Lessons from Asia’s reversal of fortunes
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The short flight from Bangkok to Yangon on Sunday took the usual 55 minutes and transported passengers from Thailand’s thriving metropolis to the more surreal world of Myanmar’s former capital. But this time, the “tale of two cities” – one just emerging from the shadows, the other on a rapid development track – had reversed, like a movie in which the actors suddenly swap roles.
In the Thai capital, violent mobs faced off on the streets after protesters seized government offices. Just hours earlier, thugs wearing anti-government bandanas had attacked a bus full of pro-government supporters with hammers and axes. The violence evoked the 2010 protests in Bangkok, which led to the shooting deaths of almost 100 people. Back then, the red-shirted supporters of Thaksin Shinawatra, former prime minister, were protesting against the yellow-backed Democrat government that had been installed by the military.
This time, the Democrat leaders are on the streets, challenging the legitimacy of a popularly elected parliament and a ruling party that crushed them at the polls in 2011. Amid sinister threats between rival groups, there is an inevitability to Bangkok’s downward spiral.
Yangon, by contrast, seems like a haven of democracy and stability – a bizarre feeling for those who remember the days when troops shot protesters and detained anyone who dared tout “democracy”. Fear pervaded the city back then. Today, rapid economic and political liberalisation has triggered a rush of western investors, tourists and international organisations. That has fuelled booms in construction, commerce and employment.
On the drive into town, past forests of cranes on building sites and trendy new restaurants and shops, banners festooning the main road proclaim Myanmar’s debut next week as host of the Southeast Asian Games. The country has also just taken over the rotating chairmanship of the 10-member Association of Southeast Asian Nations.
The vibrant atmosphere of freedom in the former capital, however, masks disturbing scenes beyond Yangon – not least in the country’s west and central areas, where 180,000 mainly Muslim Rohingya remain in refugee camps. In northern Kachin state, conflict between ethnic rebels and the military continues.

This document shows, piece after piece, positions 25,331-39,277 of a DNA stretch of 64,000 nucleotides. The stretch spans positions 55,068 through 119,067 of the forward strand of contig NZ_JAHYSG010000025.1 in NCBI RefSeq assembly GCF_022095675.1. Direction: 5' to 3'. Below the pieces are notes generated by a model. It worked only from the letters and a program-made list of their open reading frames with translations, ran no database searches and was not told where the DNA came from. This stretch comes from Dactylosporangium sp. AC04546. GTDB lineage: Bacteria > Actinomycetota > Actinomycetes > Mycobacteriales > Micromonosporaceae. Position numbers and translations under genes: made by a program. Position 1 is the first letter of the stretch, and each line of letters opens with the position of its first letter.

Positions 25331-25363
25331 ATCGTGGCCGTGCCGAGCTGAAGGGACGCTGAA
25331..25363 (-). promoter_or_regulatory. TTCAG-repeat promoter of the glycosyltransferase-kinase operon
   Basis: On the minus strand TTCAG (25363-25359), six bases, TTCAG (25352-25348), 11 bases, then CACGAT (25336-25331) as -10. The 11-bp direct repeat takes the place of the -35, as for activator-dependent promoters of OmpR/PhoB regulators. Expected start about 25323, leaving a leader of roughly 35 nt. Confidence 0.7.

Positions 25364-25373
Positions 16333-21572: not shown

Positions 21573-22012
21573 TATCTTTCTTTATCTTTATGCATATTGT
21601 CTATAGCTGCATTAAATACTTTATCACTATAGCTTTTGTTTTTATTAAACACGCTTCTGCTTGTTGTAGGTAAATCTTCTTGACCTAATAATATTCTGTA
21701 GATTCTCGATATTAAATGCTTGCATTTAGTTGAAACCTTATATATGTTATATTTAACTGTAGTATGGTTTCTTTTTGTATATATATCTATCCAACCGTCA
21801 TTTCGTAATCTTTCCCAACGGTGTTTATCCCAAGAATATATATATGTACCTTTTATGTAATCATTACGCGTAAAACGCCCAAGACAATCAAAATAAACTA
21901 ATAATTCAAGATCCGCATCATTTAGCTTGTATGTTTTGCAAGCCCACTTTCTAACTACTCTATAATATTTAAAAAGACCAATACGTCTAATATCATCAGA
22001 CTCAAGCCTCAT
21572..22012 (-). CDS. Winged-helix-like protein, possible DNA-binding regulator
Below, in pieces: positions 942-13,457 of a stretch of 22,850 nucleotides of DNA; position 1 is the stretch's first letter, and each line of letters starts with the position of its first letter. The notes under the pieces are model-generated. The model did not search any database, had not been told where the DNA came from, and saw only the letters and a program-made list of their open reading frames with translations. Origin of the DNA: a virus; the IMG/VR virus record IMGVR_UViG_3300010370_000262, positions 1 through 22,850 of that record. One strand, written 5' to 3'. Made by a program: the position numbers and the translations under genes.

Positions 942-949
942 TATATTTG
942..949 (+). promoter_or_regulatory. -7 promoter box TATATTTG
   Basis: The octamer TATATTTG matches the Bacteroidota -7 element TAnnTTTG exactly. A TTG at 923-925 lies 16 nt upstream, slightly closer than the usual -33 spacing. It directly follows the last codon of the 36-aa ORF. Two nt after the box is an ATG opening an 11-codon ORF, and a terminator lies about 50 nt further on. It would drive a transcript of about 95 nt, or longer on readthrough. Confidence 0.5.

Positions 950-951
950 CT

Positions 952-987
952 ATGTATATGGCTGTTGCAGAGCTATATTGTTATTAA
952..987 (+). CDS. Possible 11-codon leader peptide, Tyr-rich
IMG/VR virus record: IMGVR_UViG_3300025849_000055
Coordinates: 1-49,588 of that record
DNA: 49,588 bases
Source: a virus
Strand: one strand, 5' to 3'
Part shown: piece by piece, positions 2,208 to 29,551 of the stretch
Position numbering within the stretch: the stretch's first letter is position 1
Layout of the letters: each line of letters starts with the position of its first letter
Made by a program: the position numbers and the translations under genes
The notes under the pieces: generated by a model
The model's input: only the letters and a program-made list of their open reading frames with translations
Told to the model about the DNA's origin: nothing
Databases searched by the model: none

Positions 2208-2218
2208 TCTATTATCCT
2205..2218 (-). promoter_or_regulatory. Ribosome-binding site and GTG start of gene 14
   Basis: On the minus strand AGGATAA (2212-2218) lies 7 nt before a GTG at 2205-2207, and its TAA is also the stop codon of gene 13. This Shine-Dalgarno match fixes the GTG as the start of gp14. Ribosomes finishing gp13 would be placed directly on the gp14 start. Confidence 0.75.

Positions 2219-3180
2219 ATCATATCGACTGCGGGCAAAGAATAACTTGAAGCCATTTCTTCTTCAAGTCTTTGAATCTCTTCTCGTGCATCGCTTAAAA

Even so, the contrast between the two main cities could not be more stark. One is sliding backwards into chaos and violence, the other is opening up at breakneck speed.
Economically, Thailand has much to lose from political turmoil. When I arrived in Bangkok two years ago, Thailand was clearing up after floods had deluged factories and homes. That this catastrophe knocked out most of the world’s hard-disk drive assembly and crippled multinationals such as Toyota and Toshiba was a reminder of the country’s remarkable progress over two decades.
The floods knocked Thailand’s robust growth to 0 per cent the following year. But it bounced back recording annual growth of more than 6 per cent. Yingluck Shinawatra, meanwhile, “grew into” her role as prime minister.
Her key problem has been the perception she is the puppet of her older brother. She denies the charge. But it is clear that Mr Thaksin’s enduring influence drove populist policies that could be her undoing. These include a controversial rice subsidy scheme and a doomed effort to push a political amnesty bill through parliament that would have facilitated his return. Mr Thaksin was deposed in 2006 and has lived in voluntary exile in Dubai since 2008 to avoid corruption-related charges.
In the greatest irony, perhaps, Myanmar’s emergence on the international stage is now stealing some of Thailand’s thunder. While Myanmar’s economy amounts to a tiny fraction of Thailand’s foreign investment, agricultural and tourism base, it is on a fast track, with international assistance pouring in.
The lesson from the improbable switch in their political fortunes is the disastrous impact of personal agendas when they come to dominate politics. Thailand’s upheavals – a complex conflict between a handful of personalities – could derail decades of development. They will also taint the country’s democratic processes.
Myanmar endured decades under autocratic generals who ran the country like personal fiefdoms. As several Yangon businessmen and officials observed, watching Thailand fall prey again to selfish personal agendas drives home those lessons.
The author is a senior fellow at Chulalongkorn University in Bangkok and a former FT correspondent
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